We’d flown from the U.S. to Guatemala with Habitat for Humanity’s Global Village program to build houses. Someone on our team dumped a load of dirt on a farmer’s coffee bush, and the farmer got mad and made us quit working on the house.
What should we do now? While the farmer and local Habitat coordinator discussed the fate of the coffee tree, our team sat in the shade and talked about coffee. Wonder how much coffee he gets from that little tree? Wonder how much he gets paid for it? Wonder how many other families depend on coffee as their main source income? After an hour and a half of discussions, the farmer let us go back to work with promises that we wouldn’t cover another coffee bush. We were working again—but those lingering coffee questions remained unanswered.
In 1998, after learning that the answers to the questions posed above are about a pound (from one coffee bush), about 25 cents (what the farmer gets paid for a pound of coffee) and millions (how many families depend on coffee as their main source of income), we imported our first 40,000-lb. container of green coffee and began selling it to coffee roasters all over the eastern United States.
That was 10 years ago and that’s how we entered the intriguing and exciting world of Fair Trade, organic specialty coffee!
What have been some of the biggest challenges of maintaining high standards of social and environmental responsibility?
Tripp: We believe that being green starts with our own personal behavior. So I would say changing old habits and developing new, greener habits are our main challenges. Millard Fuller, the founder of Habitat for Humanity International, was known for picking up trash whenever he was out walking around town. I consider this to be a fundamental form of “being green.” Other forms include recycling, not using bottled water, turning off the lights and air conditioning, etc. When all of us at Café Campesino are doing these things routinely, out of habit, I will consider ourselves as having overcome one of the biggest challenges facing the green movement as a whole.There are two other “walls” that we have encountered in our journey to be green. One is that the City of Americus quit recycling several years ago. The other is what I have to believe many other dedicated small business owners are dealing with: making the time to deliberately plan and implement a “green policy.” There is always so much to do when running a business and unless we as business owners proactively make the time to make a plan and work it, we inevitably fall short of our green aspirations.
Regarding the City of Americus: great news, the recycling program is in the process of resuming, so kudos to our neighbors and officials for making that happen. In terms of “making the time” to make a plan and implement it, we have simply added environmental stewardship to our strategic planning process and are in the process of auditing our green practices… for better or worse. Measuring and then setting benchmarks and implementing a reasonable plan; it’s not rocket science but being green requires intention.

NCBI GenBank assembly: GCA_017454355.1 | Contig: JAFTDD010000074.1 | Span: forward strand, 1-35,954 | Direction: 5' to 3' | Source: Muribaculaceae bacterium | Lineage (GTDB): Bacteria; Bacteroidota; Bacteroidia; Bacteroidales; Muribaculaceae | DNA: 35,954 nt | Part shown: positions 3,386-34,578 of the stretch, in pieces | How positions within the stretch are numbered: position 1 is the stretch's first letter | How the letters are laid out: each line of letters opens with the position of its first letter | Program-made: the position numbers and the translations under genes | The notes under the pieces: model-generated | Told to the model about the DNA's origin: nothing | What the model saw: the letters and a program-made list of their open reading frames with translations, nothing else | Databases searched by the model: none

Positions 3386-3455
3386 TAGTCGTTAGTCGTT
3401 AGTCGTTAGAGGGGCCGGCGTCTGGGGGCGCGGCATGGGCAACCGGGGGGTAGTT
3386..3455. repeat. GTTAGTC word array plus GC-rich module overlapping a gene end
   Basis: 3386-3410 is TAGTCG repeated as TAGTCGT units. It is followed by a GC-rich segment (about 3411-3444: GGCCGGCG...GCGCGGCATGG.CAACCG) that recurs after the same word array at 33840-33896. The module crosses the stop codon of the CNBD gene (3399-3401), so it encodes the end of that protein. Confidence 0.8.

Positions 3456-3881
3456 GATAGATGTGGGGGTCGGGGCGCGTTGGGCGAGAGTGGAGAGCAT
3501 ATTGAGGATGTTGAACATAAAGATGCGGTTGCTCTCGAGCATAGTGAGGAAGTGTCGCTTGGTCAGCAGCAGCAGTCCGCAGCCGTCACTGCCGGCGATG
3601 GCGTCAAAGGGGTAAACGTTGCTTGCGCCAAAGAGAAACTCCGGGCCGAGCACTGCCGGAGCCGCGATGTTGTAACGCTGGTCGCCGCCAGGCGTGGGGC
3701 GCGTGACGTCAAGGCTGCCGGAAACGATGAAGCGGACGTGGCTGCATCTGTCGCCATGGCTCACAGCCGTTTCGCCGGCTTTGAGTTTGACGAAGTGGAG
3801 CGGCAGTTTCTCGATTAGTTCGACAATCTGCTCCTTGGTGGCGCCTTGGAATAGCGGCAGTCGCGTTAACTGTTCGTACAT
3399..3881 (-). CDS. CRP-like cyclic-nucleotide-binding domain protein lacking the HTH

What’s been your proudest moment as a green business owner?
Cafe Campesino staff with coopertive members at Cooperativa Agraria
Cafetalera Pangoa in Peru .
Tripp: Without a doubt, it is when our coffee-producing partners visit us here at the roastery in Americus. Over the past few years we’ve been lucky enough to host our trading partners from Colombia, Guatemala, and Peru. There is nothing like walking into our roastery with one of our producer partners and standing with them as they spot a burlap bag of their coffee, bearing their coop’s logo and name, stacked neatly, waiting to be roasted. Add to that the thrill of introducing them to our staff, all of whom are scurrying around, busy at work roasting their coffee, and to customers who have walked in to pick up a pound of their coffee, and there it is, the whole Fair Trade equation… all in one room!
What is the most hopeful sign you have seen recently from the green economy?
Tripp: Two things: 1) the fact that so many people, representing the full diversity of this country, are talking about and respecting the concept of good environmental stewardship, and 2) learning from our coffee-farmer trading partners about the organic techniques and innovations they are using to produce truly extraordinary coffee—and hearing at first hand how important organics is to them, their families, and their communities.
What’s the next green step you’re working on right now?
Tripp: To build a system that harnesses the steady output of heat that our roaster produces and use that to heat our facility, and to find funding to build a solar collector for our southern-facing Quonset hut (long-term).
What advice would you give to green entrepreneurs just starting out?
Tripp: It’s a marathon, not a sprint—a journey, not a destination. And, it’s not a matter of “who’s the greenest of them all”. The key is to get informed and start somewhere. My next personal goals are to stop drinking bottled water and pick up trash whenever I’m out walking. I’m certain the many other areas will reveal themselves to me as I journey on!